Within the first few hours of the Workshop, I found myself nestled in a warmly lit restaurant booth in El Taller & Cafe Azteca in Lawrence, Mass., with salsa smeared across the corners of my lips. There, we met Dariana Guerrero, a local poet and activist. She introduced us to a deck of playing cards she created on an artist grant and took us on a tour around the city. We got to see walls of colorful murals in a local park that was in need of renovation — but filled with potential to be a community gathering space. Directly across the street was a row of modern apartments that marked the roots of gentrification. When we returned to El Taller, Dariana performed two of her spoken word poems and encouraged us to jot down poetry that represented our voices.

It was hard to believe I was in school. While most of my friends spent the day sitting in classrooms taking lecture notes and working on statistics problems, I was on a field trip in Lawrence listening to spoken word poetry and munching on fried plantains. As a course focused on Experiments in Education,” the Workshops teachers could have designed the day to look however they wanted. So why did they choose a field trip — especially one that had no clear learning goal — out of all other educational formats?

Later that night, we began reading the book Where Research Begins: Choosing a Research Project that Matters to You (and the World) by Christopher Rea and Thomas S. Mullaney. The authors explained that they wanted to help readers find a research topic that they’re truly passionate about. Rather than abiding by outside influences or pleasing an external judge, they suggested the reader to take a self-centered” research approach by maintaining close contact with your own self” (Rea & Mullaney, 4).

However, with the looming pressures of grades, hierarchical dynamics between a teacher and student, and the constricting nature of academic silos, it’s unrealistic for students to research guided purely by their curiosity and instincts in a traditional classroom.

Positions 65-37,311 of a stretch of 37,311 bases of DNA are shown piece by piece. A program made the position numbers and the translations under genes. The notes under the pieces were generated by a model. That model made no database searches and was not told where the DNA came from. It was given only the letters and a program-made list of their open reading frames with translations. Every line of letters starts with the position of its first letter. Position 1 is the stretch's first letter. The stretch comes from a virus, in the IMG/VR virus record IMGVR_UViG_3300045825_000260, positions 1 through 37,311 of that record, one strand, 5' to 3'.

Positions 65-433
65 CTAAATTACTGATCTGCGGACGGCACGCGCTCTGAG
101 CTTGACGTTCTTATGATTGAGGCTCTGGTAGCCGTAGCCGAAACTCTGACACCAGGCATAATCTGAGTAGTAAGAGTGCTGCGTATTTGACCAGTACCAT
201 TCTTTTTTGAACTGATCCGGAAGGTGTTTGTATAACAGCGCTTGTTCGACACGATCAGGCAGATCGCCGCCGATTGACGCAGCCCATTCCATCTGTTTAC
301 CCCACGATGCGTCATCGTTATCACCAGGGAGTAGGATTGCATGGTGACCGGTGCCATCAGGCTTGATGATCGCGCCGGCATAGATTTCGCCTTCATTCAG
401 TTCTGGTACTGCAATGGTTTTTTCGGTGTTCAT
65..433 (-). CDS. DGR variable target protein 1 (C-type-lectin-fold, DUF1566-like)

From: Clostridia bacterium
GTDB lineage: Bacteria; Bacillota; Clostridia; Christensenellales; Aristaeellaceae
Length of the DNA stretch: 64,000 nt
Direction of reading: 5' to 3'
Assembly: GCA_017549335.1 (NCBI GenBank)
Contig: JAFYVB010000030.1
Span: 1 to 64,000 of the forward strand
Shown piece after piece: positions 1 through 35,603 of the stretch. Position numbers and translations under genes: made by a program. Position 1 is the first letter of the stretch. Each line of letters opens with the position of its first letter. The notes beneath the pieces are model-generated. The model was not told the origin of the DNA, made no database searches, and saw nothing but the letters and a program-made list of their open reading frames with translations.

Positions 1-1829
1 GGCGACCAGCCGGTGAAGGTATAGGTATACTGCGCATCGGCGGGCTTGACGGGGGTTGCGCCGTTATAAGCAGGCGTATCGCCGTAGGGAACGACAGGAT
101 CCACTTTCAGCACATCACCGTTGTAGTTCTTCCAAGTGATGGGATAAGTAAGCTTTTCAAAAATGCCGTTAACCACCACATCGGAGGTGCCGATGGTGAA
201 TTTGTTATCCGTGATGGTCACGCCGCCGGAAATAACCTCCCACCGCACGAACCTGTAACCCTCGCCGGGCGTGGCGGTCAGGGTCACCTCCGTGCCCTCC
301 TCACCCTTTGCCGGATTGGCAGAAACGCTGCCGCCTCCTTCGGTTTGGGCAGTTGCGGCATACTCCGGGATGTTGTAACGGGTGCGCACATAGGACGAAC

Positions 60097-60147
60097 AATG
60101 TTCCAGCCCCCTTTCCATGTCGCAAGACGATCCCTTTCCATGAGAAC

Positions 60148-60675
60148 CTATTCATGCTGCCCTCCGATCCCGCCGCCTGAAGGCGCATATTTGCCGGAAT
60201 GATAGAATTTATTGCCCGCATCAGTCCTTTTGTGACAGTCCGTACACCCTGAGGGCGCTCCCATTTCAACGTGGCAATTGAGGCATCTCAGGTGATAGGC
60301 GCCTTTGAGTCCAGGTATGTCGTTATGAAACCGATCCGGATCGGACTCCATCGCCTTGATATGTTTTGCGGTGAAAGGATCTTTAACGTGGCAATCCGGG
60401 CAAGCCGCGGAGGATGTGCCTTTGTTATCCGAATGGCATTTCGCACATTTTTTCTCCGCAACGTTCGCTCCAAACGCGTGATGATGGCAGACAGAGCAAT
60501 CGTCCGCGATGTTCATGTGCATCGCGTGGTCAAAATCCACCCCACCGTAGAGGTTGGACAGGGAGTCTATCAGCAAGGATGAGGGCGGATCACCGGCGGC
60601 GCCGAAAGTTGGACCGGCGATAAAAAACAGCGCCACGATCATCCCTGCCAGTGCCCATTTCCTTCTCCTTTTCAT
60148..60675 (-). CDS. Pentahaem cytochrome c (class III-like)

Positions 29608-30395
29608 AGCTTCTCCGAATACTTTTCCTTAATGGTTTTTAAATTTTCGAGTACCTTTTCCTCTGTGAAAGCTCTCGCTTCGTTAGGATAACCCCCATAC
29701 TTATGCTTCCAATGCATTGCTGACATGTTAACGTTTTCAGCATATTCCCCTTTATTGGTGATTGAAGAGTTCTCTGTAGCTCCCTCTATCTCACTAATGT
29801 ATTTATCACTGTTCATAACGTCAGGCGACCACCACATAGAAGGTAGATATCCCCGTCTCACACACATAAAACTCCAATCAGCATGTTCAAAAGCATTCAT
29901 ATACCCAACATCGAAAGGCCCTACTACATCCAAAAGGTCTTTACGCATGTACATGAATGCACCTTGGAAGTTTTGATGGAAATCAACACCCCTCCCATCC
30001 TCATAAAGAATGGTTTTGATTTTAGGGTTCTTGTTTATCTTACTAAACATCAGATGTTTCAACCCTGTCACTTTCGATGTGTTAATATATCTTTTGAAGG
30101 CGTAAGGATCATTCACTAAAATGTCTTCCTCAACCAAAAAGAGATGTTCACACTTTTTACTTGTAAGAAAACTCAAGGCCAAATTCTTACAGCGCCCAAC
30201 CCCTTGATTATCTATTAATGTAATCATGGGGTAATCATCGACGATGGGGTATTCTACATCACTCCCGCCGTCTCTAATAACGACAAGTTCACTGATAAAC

This is where the field trip steps in. Without explicit instructions from our teachers, I was able to fully immerse myself — as a person, not just a student — into the experience. Whether intentional or subconscious, I unearthed nuggets of inspiration from the intersection of my identities with my experience in Lawrence. The hospitality of El Taller & Cafe Azteca’s staff and the action of sharing food with my classmates inspired me to make Chinese dishes for my dorm that weekend. I found myself referring back to Dariana’s playing cards art project when questioning how I can make my art more communal. Seeing the stark contrast between the rundown Lawrence community park and the lavish apartment buildings across the street reminded me to research the ongoing gentrification of Boston’s Chinatown — a place that reminds me of home.

At its core, field trips give students the time and agency to form their own takeaways instead of being passively spoon-fed knowledge. I’m curious to see where the unexpectedness of engaging with unfamiliar people and spaces will lead me within my time in the Workshop.



Each spring term, The Workshop welcomes approximately 20 seniors to this interdisciplinary, project-based course. With an eye toward reimagining what school can be, The Workshop is the senior’s only academic commitment for the entire term. Instead of splitting their time and attention into units of distinct courses and fields of study, they work closely with peers, faculty, and community and global partners on a series of linked, interdisciplinary projects that revolve around a single theme. Within the theme Experiments in Education, students explore areas of personal interest.

Back to Top ↑

Be a part of our community!

Subscribe to our newsletter, Notes on Learning, for monthly updates.